Budgeting with Simulations

Educator utilizes simulated learning to teach students about budgeting.
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About this Micro-credential

Apply for a micro-credential before December 22nd, 2017 for a $75 Amazon gift card!*

*Offer valid until 12/22/2017. To receive a gift card, participant must complete all portions of the micro-credential application including the optional survey. Gift cards will be awarded in the form of Amazon eGift Cards emailed to the account specified by the participant. Each participant can receive maximum one gift card. GFLEC reserves the right to withdraw this offer at any time.

Key Method

The educator understands the benefits of active learning and chooses or creates a simulation to engage students in real-world financial decisions in order to communicate the importance of budgeting.

Method Components

What is a simulation?

Simulations are educational tools that replicate real-world situations in a controlled setting in which students are faced with decisions and their consequences in order to develop knowledge or skill sets.

Components of a simulation

  • Goal: Which facts, skills, or behaviors should the students learn by completing the simulation?
  • Resources: The physical and/or digital resources that will be used during the simulation.
  • Environment: This is the conceptual framework or “story” in which the students are placed.
  • Roles: What is the role for each student during the simulation?
  • Rules: Guidelines for completion of the simulation.
  • Evaluation Method: How will the students’ performance be evaluated? Will it be based on completion, quality of work, or a desired outcome?
  • Debriefing: Reviewing the activity to reinforce the goals of the simulation.

(Adapted from Zapalska, Brozik & Rudd, 2012)

Suggested Implementation:

  1. Introduce budgeting as a personal finance skill and discuss the purposes and benefits of developing a budget.
  2. Choose a budget simulation, either digital (fully online or on a software program) or “table top” (consisting of tangible pieces that students manipulate) to utilize with your classroom (See the resources section). The chosen simulation should contain a high level of fidelity (Lunce, 2006). It is also recommended that the simulation be completed within a single class period and simple in its structure (Devlin-Sherer & Sardone, 2010; Zapalska, Brozik & Rudd, 2012).
  3. Review the purpose, instructions, and evaluation method with the students.
  4. End the lesson with a reinforcement activity that prompts the students to reflect upon the lessons learned during the simulation. This could be in a form of a full-class discussion or written reflection.

Research & Resources

Supporting Research

Budgeting is an important financial skill, but is one that is largely unpracticed by teenagers. While over 50% of teens report that they spend their own money, only 17% claim they maintain a budget (“Teens and Personal Finance”). Simulations provide students an opportunity to learn about budgeting and experience elements of the “real world” within the safety and comfort of a classroom. The most effective simulations maintain a high degree of fidelity and exclude elements that would be distracting in a real-world situation (Lunce, 2006). In addition, a large percentage of students view educational games favorably, stating that they believe simulation games can help them better develop their knowledge and skills of class content (Wardaszko & Jakubowski, 2013). It is important to understand that while simulations are enjoyable for students and educators, the most crucial part of implementing a simulation or game is the reflection period after completion, when students can review the lessons learned (Zapalska, Brozik & Rudd, 2012).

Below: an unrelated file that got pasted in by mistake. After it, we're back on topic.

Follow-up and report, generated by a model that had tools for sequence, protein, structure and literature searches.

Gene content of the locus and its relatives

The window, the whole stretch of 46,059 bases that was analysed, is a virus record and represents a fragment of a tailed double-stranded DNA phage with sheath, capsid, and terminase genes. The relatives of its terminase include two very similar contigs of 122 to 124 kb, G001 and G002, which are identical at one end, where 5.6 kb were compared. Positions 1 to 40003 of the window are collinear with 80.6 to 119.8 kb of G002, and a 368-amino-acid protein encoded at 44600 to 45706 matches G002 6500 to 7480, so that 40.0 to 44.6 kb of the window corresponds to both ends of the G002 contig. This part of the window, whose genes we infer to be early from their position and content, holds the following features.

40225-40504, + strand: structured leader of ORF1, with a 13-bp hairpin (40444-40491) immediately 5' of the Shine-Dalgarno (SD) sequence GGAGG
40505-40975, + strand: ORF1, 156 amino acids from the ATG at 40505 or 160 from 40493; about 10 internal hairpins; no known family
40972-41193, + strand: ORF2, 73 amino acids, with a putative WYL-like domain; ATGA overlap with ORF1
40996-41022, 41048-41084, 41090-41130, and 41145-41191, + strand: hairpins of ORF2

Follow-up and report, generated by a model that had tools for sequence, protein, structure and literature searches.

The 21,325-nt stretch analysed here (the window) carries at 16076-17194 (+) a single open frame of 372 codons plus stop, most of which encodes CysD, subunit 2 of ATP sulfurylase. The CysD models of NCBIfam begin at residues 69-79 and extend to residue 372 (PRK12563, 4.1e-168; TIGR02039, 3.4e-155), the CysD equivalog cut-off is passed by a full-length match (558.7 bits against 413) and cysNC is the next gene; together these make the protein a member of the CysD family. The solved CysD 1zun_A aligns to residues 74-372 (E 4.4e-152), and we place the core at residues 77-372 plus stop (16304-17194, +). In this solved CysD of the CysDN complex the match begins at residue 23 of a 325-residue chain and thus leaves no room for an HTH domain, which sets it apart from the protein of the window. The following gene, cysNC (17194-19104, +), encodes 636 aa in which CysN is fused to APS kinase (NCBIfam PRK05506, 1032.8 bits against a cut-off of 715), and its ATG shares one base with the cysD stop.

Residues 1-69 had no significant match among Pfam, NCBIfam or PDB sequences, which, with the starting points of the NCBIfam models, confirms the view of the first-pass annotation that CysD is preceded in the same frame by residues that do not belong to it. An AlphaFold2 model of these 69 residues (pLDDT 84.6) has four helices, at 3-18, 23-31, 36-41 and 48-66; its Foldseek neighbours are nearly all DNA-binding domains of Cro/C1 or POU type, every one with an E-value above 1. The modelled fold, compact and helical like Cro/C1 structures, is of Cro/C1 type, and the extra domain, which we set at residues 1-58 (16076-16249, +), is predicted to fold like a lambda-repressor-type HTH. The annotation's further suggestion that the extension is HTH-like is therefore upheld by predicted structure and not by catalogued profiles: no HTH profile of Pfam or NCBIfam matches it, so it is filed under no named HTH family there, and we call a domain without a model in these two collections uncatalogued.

• “Teens and Personal Finance – Surprising Survey Results.” H&R Block Dollars and Sense Blog. N.p., 28 Mar. 2014. Web. 3 Apr. 2016.
  • Wardaszko, Marcin, and Michal Jakubowski. “Economics in Practice: A Simulation Game for High School Students Teaching the Basics of Economics and Entrepreneurship.” Developments in Business Simulation and Experiential Learning. N.p., 2013. Web. 2 Apr. 2016.


Free Simulations

Paid/Registration Required

  • “Mad City Money Workshop and Simulation Kit.” Credit Union National Association. N.p., n.d. Web. 3 Apr. 2016.

Submission Requirements

Submission Guidelines & Evaluation Criteria

The items in this following section detail what must be submitted for evaluation. To earn the micro-credential, you must receive a passing evaluation for Parts 1 and 3, and a “Yes” for both artifacts submitted for Part 2.

Part 1. Overview Questions

(200-word limit):

  • How did you use background knowledge to set up this lesson about budgeting?

Part 2. Work Examples/Artifacts

Submit the materials for the simulation (or hyperlink if digital) and a written rationale (maximum of 200 words) that explains why it was chosen.

Also submit at least two samples of students’ written responses to the reflection questions. If a full-class discussion was used for this portion, submit a video of the discussion.

Part 3. Teacher Reflection

Provide a reflection on what you learned, using the following questions as guidance (300-word limit):

  • How did this technique help you communicate this personal finance content to your students?
  • Which other personal finance topics can this teaching technique be used for in the classroom?

Part 4. Survey (Optional)

Please answer a brief survey about your experience teaching personal finance. Your responses will:

  • help us understand barriers personal finance teachers face;
  • and help us improve the resources being offered to personal finance educators

We appreciate your help.

Except where otherwise noted, this work is licensed under:
Creative Commons Attribution-NonCommercial-NoDerivatives 4.0 International (CC BY-NC-ND 4.0)


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